You're probably familiar with the Journey story; in an act of brilliant planning, McClelland & Stewart arranges with James Michener to donate the Canadian royalties from his 1988 novel, Journey
, to support emerging writers. The result is the annual high-profile Journey Prize Anthology
. We're now up to number seven. The prize itself includes not only a significant $10,000 to a writer but also $2,000 to the journal that submitted the winning piece. For readers, the anthology provides a chance to see what the year's fresh crop has to offer. For writers, appearing in its pages is like being treated to a long weekend at a five-star hotel.
If you didn't already know the Journey story, you might at first glance mistake this collection for a theme anthology about one journey in particular: the parents' journey of immigration from Europe to North America.
At the beginning of Kathryn Woodward's "Of Marranos and Gilded Angels", a boat arrives in New York. It is January 1940. A Jewish refugee, Erich Winter, "his gloved hand tight upon the rail, stared straight into the falling snow and wept." This story, which gathers emotional resonance as it unfolds, is told in elegant, richly textured prose. After the war, Erich and his wife Irene return to Europe as often as they can, inching ever closer to the epicentre, Germany. When they're killed in an accident in Europe, their daughter Thea inherits "her father's homelessness". The consequences of that inheritance are interwoven with a Mahler concert the adult Thea attends by chance, a memorial for a stranger.
The narrator in Antanas Sileika's "Going Native" is the son of an immigrant ("DP") family who watches his father navigate, "in seas only partially mapped, and where he was ignorant of how to act." His father has to steer a course through life in a raw subdivision in the early 1950s. Mr. Taylor, the banker who lives across the street, complains that the family's cat is walking on his lawn. The narrator describes his father's reaction: "He had negotiated with Red Army commissars and saved his sister-in-law from a Nazi labour battalion, but he had never heard a complaint such as this. This had to be an eccentricity. Banker or not, Mr. Taylor was an idiot." Sileika displays an a accomplished sense of story, and delivers sure-footed comic writing, full of sharp, affectionate detail.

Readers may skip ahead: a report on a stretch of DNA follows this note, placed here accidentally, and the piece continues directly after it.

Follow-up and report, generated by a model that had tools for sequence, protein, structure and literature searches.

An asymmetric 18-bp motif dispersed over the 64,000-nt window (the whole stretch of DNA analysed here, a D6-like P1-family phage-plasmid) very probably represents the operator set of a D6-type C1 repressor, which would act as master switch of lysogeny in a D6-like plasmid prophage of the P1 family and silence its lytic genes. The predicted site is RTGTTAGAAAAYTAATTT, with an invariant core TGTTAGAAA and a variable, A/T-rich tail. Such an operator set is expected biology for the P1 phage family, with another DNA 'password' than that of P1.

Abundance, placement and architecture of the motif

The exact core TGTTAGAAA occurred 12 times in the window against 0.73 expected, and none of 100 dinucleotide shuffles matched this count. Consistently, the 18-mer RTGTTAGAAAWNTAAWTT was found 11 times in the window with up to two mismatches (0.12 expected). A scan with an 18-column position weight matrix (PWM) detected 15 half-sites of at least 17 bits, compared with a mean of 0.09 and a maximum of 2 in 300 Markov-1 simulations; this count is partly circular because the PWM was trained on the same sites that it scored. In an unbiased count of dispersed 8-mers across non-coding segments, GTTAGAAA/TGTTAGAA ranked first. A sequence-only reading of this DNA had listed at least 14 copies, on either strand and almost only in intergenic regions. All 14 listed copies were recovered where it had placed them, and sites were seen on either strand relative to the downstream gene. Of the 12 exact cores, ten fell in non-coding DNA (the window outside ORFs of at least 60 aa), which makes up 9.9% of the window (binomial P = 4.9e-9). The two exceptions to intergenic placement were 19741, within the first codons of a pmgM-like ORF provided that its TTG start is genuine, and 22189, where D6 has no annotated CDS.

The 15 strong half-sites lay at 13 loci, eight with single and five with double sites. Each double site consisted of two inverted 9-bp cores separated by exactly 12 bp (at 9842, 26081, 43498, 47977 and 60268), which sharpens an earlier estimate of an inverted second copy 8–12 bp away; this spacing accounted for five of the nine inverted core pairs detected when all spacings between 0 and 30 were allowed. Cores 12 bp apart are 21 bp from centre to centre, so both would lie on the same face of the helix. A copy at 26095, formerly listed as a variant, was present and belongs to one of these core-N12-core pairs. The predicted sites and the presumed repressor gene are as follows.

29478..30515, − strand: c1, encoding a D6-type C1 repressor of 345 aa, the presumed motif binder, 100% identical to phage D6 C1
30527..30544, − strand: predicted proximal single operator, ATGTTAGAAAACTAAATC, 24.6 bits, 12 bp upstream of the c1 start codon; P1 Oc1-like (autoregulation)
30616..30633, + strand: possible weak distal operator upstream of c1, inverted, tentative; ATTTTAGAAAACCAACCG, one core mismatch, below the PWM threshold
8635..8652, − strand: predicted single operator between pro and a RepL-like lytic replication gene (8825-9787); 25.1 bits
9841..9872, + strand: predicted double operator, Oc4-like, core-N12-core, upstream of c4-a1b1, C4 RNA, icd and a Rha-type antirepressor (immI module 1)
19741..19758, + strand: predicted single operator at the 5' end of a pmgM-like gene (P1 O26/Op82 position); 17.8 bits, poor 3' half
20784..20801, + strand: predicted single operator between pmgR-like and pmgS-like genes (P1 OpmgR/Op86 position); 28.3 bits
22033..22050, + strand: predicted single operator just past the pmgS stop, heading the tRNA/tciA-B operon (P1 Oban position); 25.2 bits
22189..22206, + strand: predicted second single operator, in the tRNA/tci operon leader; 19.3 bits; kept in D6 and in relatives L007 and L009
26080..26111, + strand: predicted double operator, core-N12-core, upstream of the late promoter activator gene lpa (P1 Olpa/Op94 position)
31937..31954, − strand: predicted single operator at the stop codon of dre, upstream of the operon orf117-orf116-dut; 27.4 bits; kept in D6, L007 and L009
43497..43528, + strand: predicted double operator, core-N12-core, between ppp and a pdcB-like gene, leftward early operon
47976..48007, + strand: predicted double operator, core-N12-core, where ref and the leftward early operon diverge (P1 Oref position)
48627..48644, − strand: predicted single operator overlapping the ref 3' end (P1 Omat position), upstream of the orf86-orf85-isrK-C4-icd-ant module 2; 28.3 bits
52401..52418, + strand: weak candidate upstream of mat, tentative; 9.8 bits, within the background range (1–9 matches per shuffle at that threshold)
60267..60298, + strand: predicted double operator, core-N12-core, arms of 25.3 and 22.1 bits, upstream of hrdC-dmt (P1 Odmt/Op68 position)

A parent in the new land is also the theme of Michelle Alfan's "Opera". In this finely crafted and gentle story a daughter recalls how her mother would do housework to "Maria Callas singing in Lisbon." The story is about opera in its usual meaning. It's also about opera: drama/noise/chaos. In the house on Paradise Street in Hamilton there's lots of Italian opera of both kinds, much of it comic. But life on Paradise can be tragic, too. When the father is diagnosed with lung cancer, the mother says, "I knew we were too happy."
Gabriella Goliger's "Song of Ascent" follows the parents' immigrant journey and what happens when the mother can take no more. There is some powerful writing here, particularly in the descriptions of Jerusalem. For the narrator's mother, it was Jerusalem the golden, but her father never felt at home: "His blood was European, nurtured for generations by the fresh mountain chill of Bohemia." A Mr. Samson from Montreal, "whose pink cheeks were a living advertisement for civilized climates," promises a job, and a house and garden in Canada within the year.
"The Rat-Catcher's Kiss" provides a total change of pace from the family portraits. Roger Burford Mason's rat-catcher and his dog are a highly likeable pair. In this story we're in medieval Europe, in a popular folk tale told anew. The writing is stylish and full of surprises, with an appealing exchange between the rat-catcher and the rat.
Many of the stories in this anthology dig into the fertile soil of childhood and youth. Mary Borsky's narrator, at sixteen, is confronted with her father's choice for her of a husband, one Pete Paska, who speaks perfect English and perfect Ukrainian. In "The Falling Woman," Shaena Lambert's narrator dreams of her mother and her younger self, and what emerges is a narrative about power, sexuality, and intergenerational damage.
The eponymous "Boy" in Elise Levine's story hangs out by the alligator pool at the zoo and reviews his life, along with animal facts of interest, some of them lifted from old copies of Gator USA. Levine's technique is impressionistic, crisp, and effective. The reader is immediately pulled right into the story, which includes an itinerant mother and a parade of Pop Tarts, Chiclets, and Yoo-Hoo drinks. A typical sentence, "At Wal-Mart my aunt buys extra packages of t.p.," suggests the flavour of this boy's life.
"Hand Games", by Elizabeth Hay, has already won gold in this year's National Magazine Awards. Here the narrator's daughter, Annie, is best friends with Joyce. Both little girls are five years old. Joyce manipulates and withdraws; Annie goes back for more. As we learn about their disturbing relationship, the narrator reflects on our capacity for evil, our inability to protect our children, her relationship with her own mother, and her daughter's clear eyes of love. "Hand Games" is an exceptional, subtle story that stays with the reader; it is at once small and profound.
Overall, the quality of writing in this Journey Prize Anthology is something both readers and writers can feel good about. The collection is a sign of health in our short fiction and a promise of future vigour. But I do have one concern. This year, the anthology appears to have gone on a diet. Nine writers are represented, fewer than in any previous year, which may well have something to do with the number of magazines submitting. Whatever the reason, I hope the anthology fills out again. It's at its most attractive when it has all the sturdy allure of a "real book".